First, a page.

Riverwolfs – Mongolia

I guess I should start at the beginning, about 4 years ago I was at the rise fly fishing film festival, there was a short clip of Taimen fishing in Mongolia. I distinctively remember thinking that going to Mongolia and fishing for these fish would be one of the greatest fly fishing adventures anyone could ever do but logistically it seemed impossible, I didn’t know where to start, and i’ll admit that I wasn’t 100% sure where Mongolia was haha, so I had a bit of a search on Google for companies that offered packages to fish the rivers. I had no luck with any websites that I come across, so I put my Mongolian plans on the back-burner for the time being. That was, until 18 months ago when I come across a few pics on Facebook of people holding up some rather large red tailed river-wolfs. I jumped back on Google and done a quick search ‘Fly Fishing Mongolia’ There were now a lot more search results than a couple of years ago so I flicked through a few websites but the one that caught my eye was http://www.mongoliarivers.com it was set out better and just looked more professional. I contacted Mark Jonstad and after we discussed the options I decided on booking the very last trip of the season (October 6th-16th) on the lower section of the river – I thought this would be the best time of year because the rivers are starting to freeze over and the fish are looking for food to feed up before the long cold winter.

So fast forward 18 months and I arrive in the Mongolian capitol Ulaanbataar(UB), I was greeted by nomadic journeys guide Oso, he dropped me off at my hotel and gave me a run down on the city and what to expect. Ulaanbataar is a pretty unique place as it’s a mix of modern and traditional stylings with a lot of soviet influence, the Russians pulled troops out of Mongolia in the late 80s early 90s and once again gained its Independence and formed a new constitution in 1992.

I had a few days in Mongolia exploring the city and just getting my gear organized for the week ahead..

On the 6th of October I woke from a pretty ordinary sleep, I guess I was so excited I didn’t sleep very well. I went to the hotel lobby and was met by Oso we had a bit of a chat and told me a little bit about the other guys. Turns out I would be fishing with four Kiwis (Guy, Hugo, Mark, Murry) and an American (Jay)..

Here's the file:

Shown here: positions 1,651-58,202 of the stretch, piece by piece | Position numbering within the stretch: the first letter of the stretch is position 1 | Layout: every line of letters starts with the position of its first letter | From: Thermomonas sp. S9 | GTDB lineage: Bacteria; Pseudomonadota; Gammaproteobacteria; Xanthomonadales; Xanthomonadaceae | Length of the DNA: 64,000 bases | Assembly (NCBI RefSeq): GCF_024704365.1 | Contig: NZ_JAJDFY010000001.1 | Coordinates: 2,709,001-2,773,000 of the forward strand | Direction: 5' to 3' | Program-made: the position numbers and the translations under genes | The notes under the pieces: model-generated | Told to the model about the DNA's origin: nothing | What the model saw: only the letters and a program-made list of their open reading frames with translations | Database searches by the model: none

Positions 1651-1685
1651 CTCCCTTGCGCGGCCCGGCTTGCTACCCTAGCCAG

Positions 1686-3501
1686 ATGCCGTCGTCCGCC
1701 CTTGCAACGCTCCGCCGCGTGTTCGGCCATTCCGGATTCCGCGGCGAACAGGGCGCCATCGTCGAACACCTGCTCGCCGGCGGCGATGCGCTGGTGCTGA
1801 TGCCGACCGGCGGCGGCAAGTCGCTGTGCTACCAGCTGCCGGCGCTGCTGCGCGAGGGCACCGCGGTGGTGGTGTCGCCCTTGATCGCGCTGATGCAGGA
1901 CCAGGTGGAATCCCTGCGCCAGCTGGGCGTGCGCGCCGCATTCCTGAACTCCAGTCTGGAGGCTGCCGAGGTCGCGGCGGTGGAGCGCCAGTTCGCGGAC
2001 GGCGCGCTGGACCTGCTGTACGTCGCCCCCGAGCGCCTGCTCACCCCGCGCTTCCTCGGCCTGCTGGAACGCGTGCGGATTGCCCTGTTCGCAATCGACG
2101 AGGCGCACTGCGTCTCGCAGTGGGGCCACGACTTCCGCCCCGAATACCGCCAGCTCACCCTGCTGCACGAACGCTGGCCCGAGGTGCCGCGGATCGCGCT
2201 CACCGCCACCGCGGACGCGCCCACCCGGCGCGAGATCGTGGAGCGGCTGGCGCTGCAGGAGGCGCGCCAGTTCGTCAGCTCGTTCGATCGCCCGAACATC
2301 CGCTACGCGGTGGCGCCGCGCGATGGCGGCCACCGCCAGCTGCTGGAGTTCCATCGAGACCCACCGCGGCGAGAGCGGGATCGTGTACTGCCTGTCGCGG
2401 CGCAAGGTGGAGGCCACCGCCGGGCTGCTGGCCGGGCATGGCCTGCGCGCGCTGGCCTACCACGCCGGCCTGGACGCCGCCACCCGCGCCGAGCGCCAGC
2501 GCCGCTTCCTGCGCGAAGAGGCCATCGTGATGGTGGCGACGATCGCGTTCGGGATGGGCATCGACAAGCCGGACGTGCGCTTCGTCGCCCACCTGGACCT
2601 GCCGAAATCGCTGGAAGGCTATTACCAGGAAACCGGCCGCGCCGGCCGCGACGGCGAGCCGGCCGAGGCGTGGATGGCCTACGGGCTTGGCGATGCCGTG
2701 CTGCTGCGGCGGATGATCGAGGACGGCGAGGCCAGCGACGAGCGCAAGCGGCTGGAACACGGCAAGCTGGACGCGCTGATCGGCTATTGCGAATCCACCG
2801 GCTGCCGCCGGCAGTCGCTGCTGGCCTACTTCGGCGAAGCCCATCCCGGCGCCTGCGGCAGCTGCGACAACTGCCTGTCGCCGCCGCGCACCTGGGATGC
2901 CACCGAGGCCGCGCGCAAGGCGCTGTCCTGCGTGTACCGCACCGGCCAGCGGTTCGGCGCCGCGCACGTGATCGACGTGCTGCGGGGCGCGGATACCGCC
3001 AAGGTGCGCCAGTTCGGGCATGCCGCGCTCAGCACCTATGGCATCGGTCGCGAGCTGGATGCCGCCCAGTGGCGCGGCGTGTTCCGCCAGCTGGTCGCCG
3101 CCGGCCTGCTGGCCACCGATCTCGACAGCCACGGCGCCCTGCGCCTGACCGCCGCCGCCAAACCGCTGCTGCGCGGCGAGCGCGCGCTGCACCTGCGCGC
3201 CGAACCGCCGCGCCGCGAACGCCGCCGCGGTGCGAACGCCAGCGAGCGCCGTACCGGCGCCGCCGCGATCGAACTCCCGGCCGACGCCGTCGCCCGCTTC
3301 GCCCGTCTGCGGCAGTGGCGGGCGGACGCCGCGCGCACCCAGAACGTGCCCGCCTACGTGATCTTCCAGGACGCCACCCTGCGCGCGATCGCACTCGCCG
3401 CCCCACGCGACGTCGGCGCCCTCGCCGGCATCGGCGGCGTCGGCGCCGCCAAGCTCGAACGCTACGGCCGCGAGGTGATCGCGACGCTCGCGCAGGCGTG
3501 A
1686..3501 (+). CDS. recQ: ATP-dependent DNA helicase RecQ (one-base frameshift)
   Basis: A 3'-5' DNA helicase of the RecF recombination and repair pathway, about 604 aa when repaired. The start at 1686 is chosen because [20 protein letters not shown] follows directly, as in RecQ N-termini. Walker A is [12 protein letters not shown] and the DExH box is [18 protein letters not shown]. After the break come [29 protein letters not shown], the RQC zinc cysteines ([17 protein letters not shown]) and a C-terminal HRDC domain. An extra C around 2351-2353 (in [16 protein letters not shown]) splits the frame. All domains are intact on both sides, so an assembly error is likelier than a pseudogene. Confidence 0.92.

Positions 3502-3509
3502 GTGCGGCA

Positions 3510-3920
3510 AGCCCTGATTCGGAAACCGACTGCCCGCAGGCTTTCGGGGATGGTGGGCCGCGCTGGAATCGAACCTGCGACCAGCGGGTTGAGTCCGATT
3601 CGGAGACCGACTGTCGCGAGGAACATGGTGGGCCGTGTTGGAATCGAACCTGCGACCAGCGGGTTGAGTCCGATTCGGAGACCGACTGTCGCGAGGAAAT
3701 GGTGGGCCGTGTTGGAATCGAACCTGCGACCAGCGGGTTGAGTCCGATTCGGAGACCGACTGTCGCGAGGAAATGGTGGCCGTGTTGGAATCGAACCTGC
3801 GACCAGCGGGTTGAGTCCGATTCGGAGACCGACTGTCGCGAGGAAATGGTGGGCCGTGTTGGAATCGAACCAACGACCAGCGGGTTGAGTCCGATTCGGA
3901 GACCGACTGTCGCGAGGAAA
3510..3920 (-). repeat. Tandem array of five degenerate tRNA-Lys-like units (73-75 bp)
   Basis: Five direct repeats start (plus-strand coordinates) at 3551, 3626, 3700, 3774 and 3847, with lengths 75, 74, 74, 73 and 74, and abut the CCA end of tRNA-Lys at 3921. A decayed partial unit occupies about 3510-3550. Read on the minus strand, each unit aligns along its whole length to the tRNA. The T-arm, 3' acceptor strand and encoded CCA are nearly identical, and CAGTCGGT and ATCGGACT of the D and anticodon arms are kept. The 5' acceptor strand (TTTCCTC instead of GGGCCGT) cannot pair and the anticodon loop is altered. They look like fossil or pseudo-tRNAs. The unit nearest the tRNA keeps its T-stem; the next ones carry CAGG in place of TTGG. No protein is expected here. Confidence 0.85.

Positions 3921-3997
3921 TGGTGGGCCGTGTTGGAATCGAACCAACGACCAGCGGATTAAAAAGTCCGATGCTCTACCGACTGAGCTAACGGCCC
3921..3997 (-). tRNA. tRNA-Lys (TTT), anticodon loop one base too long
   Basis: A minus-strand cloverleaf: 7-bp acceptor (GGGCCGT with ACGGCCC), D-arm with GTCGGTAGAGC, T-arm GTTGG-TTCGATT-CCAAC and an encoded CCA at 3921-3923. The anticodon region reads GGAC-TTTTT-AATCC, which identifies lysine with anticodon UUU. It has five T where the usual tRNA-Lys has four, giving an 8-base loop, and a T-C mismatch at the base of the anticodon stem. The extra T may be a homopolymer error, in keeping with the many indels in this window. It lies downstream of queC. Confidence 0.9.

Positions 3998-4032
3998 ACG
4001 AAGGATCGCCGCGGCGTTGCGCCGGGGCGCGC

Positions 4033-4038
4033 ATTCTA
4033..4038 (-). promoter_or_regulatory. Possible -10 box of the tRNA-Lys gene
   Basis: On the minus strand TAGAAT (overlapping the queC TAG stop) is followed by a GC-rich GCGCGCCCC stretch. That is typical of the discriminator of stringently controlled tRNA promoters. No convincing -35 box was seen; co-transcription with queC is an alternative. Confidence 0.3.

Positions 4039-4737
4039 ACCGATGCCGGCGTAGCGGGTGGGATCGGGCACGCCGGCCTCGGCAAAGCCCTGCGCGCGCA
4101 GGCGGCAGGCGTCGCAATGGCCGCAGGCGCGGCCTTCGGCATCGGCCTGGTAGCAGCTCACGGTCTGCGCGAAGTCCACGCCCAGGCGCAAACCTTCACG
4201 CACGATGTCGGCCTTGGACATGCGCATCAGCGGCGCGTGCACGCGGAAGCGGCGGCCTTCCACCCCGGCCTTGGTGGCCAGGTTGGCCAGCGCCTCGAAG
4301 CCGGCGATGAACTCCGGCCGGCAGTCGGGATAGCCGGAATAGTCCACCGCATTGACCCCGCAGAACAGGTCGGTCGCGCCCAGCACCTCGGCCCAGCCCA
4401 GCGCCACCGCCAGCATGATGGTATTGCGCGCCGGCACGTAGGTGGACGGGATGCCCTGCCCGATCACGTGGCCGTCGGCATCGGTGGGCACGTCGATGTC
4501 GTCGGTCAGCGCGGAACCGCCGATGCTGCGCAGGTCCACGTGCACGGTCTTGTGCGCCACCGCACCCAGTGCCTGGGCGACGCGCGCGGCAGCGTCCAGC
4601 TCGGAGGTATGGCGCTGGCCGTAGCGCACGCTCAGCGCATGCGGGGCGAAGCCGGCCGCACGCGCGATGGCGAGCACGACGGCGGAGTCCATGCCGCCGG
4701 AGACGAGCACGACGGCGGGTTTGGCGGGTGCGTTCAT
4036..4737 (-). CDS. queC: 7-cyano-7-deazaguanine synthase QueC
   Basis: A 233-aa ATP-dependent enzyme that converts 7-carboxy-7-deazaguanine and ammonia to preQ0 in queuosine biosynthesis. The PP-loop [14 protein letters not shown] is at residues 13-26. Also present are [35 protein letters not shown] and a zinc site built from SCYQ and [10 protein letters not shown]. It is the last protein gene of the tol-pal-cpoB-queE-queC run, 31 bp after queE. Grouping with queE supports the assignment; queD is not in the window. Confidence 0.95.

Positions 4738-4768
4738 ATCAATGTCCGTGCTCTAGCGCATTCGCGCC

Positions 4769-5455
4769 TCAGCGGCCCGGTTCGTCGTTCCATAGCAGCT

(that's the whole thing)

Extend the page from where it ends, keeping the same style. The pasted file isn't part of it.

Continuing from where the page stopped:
We headed back to the UB airport and caught a flight out to the landing strip about an hour and thirty minutes north east of UB..

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The landing site on day one

We were about to land but had to buzz a few cows to get them off the landing strip before we were able to land. We touched down and were met buy the guides, staff and the anglers from the upper river trip that were going to catch the plane back to UB, we had a quick yarn to these blokes and every thing they had to say was 100% positive which was a good sign for the fishing to come, on a side note we did notice their hands, swollen and cracked (stripping for seven days is pretty hard on the hands) and they recommended hand cream and voltarin gel, I didn’t have either!

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We jumped in some old Russian vans and headed a few hundred meters over to the river… before we knew it we were in our waders and jumping in the boats to start fishing – it was all a bit surreal, I couldn’t really believe where I was, it was fantastic!!

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Hugo and Murray

Myself and Jay shared a boat and a tent at night, we were dubbed the International team by the Kiwis, we had guide Marcelo today who told us that today was a practice day, which was needed by most as the flies we were casting were rather large copper tube flies about 8 inches long with 3/0 Gamakatsu saltwater hooks, it took me about a dozen casts before I could get the fly to go where I wanted. I found that because we were in boats that water-loading was the best technique for chucking these beasts, you can also double haul them pretty easily but you are better off saving your arm and just water loading, plus its a lot safer for the guide and guy at the front of the boat hehe! The other thing we had to learn was the strip set; this is something that I’m very familiar with yet never do it when I get a bite. I’m in such a bad habit of rod setting that I can tell myself to strip set and 5 seconds later get a bite and rod set. It’s a very hard habit to break! I remedied this by doing every strip as though I was setting the hook, and it was pretty effective for me, I would strip set into the fish and on the next strip I would strip set again and also raise my rod, it worked for me, but not sure whether its the best method. The guides recommended strip setting a few times because the bigger taimen had rather hard mouths, and by the end of the trip I had the double strip set down pretty good, actually I think by the end of the trip everyone had the strip setting down pretty good, especially Hugo..